Last week brought a rocky two-day meeting of the Legislature’s Special Committee on Education. The purpose was to examine the decline in student achievement as shown on state assessment scores.
Nevertheless, almost an entire day was spent on testimony about Critical Race Theory.
Republicans, special interest group leaders and parents held forth that CRT is currently being taught across the state. This despite the Kansas State Board of Education’s widely publicized stand that CRT is not part of state curriculum standards — a viewpoint recently praised by the nationally recognized Aspen Institute Director of Education and Society Programs Danielle Gonzales.
While most speakers before the committee agreed that CRT as a theory to explain all of history was not being taught in Kansas, many pointed to instruction that focused on equity, social-emotional learning and diversity as actually promoting CRT.
Moreover, some speakers challenged school library offerings based on language and graphics in books dealing with race, gender or sexuality.
The testimony, which can be read at Kansas Legislative Sessions website, is troubling. Are the passionate reactions from parents on target or simply viewpoints formed by a national effort by Republicans to shore up their conservative base and become the party for parents?
Or did the parents’ comments validate perspectives of Libertarians who simply don’t believe in public education?
Or were they voices of those who wish to lay the groundwork for dismantling public education under the guise of state-funded vouchers/scholarships to private schools?
Perhaps none of the above — a review by Education Week reported that 42% of respondents to a Newsweek poll had never heard of CRT.
Whether the parents’ testimony represents squeaky-wheel complaints of a vocal minority or not, the incensed advocates who testified shouldn’t be viewed as representing Kansas public opinion.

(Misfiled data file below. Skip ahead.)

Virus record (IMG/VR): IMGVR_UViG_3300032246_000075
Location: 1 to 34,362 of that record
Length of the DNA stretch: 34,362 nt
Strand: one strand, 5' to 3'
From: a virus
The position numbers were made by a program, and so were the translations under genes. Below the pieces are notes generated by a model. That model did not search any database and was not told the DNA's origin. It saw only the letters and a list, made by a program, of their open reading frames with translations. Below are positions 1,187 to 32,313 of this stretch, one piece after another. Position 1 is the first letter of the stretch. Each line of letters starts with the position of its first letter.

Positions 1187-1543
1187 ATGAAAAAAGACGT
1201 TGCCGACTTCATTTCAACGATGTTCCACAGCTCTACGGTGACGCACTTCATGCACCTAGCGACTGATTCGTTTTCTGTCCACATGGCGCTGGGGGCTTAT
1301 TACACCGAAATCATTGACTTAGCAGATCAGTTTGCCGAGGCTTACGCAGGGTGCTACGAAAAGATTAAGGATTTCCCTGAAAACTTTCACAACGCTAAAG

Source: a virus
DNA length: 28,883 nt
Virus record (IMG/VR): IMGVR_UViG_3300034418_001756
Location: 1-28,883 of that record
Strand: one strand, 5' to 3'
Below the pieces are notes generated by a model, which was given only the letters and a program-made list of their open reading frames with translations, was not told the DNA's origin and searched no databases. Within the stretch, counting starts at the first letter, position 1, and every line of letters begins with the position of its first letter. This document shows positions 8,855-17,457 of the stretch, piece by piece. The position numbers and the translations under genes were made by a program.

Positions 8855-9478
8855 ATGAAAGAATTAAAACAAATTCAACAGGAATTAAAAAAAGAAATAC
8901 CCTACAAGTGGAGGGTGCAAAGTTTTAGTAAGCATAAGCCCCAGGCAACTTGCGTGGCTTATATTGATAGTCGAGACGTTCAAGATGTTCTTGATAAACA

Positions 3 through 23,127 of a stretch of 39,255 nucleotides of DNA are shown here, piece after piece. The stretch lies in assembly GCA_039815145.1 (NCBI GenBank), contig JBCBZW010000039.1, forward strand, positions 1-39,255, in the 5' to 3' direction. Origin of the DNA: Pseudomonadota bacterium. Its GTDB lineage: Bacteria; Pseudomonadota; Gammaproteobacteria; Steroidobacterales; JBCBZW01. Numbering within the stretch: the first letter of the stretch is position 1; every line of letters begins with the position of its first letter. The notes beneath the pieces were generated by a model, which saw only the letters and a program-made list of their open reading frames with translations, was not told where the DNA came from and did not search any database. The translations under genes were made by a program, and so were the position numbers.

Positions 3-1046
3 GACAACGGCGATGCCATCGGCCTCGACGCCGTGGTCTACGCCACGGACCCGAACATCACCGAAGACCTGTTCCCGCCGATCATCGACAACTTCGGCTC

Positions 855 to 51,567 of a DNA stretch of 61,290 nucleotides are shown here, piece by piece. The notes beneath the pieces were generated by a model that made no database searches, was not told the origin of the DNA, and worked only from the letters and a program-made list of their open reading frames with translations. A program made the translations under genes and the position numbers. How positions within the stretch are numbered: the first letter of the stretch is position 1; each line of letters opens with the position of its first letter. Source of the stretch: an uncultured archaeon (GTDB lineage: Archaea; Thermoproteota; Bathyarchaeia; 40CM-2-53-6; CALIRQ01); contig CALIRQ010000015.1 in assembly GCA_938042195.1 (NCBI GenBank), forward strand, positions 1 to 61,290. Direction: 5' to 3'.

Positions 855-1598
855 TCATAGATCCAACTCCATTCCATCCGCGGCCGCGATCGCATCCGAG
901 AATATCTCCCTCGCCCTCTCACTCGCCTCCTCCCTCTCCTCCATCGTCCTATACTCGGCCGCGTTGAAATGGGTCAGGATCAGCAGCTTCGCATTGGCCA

The Education Week review confirmed only one common finding — parents and the public are uncertain and confused about the teaching of history and racism.
Yet when this much fervent concern is raised, KSDE and the Legislature have an obligation to let the public know that the complaints are heard, understood and will be addressed.
Dismissing the public’s concerns about how race and gender are taught could result in loss of creditability for both KSDE and the Legislature’s education committee.
Overall, committee testimony pointed to major underlying issues:
• The right of parents to be heard, their right to know what’s being taught and their right to protect their child’s privacy.
• The right of local schools to establish equitable, inclusive learning environments through teaching accurate depictions of history including the problem of systemic racism and the accomplishment of American world leadership in advancing human rights.
• The influence of political parties, national organizations and for-profit publishers of learning materials to dictate Kansas curriculum.
• The need for decision making to include those involved in K-12 education — students, teachers, parents, administrators and the local community.
At the end of the second day, there was no consensus on any of the above. However the committee did circle back to its original purpose and agreed to a meeting of KSDE and legislators after the start of the next legislative session in January to begin working together on improving reading achievement in the early grades.
It’s a good place to start on a difficult journey.
This article originally appeared on Topeka Capital-Journal: Kansas parents uncertain, confused about teaching of history, racism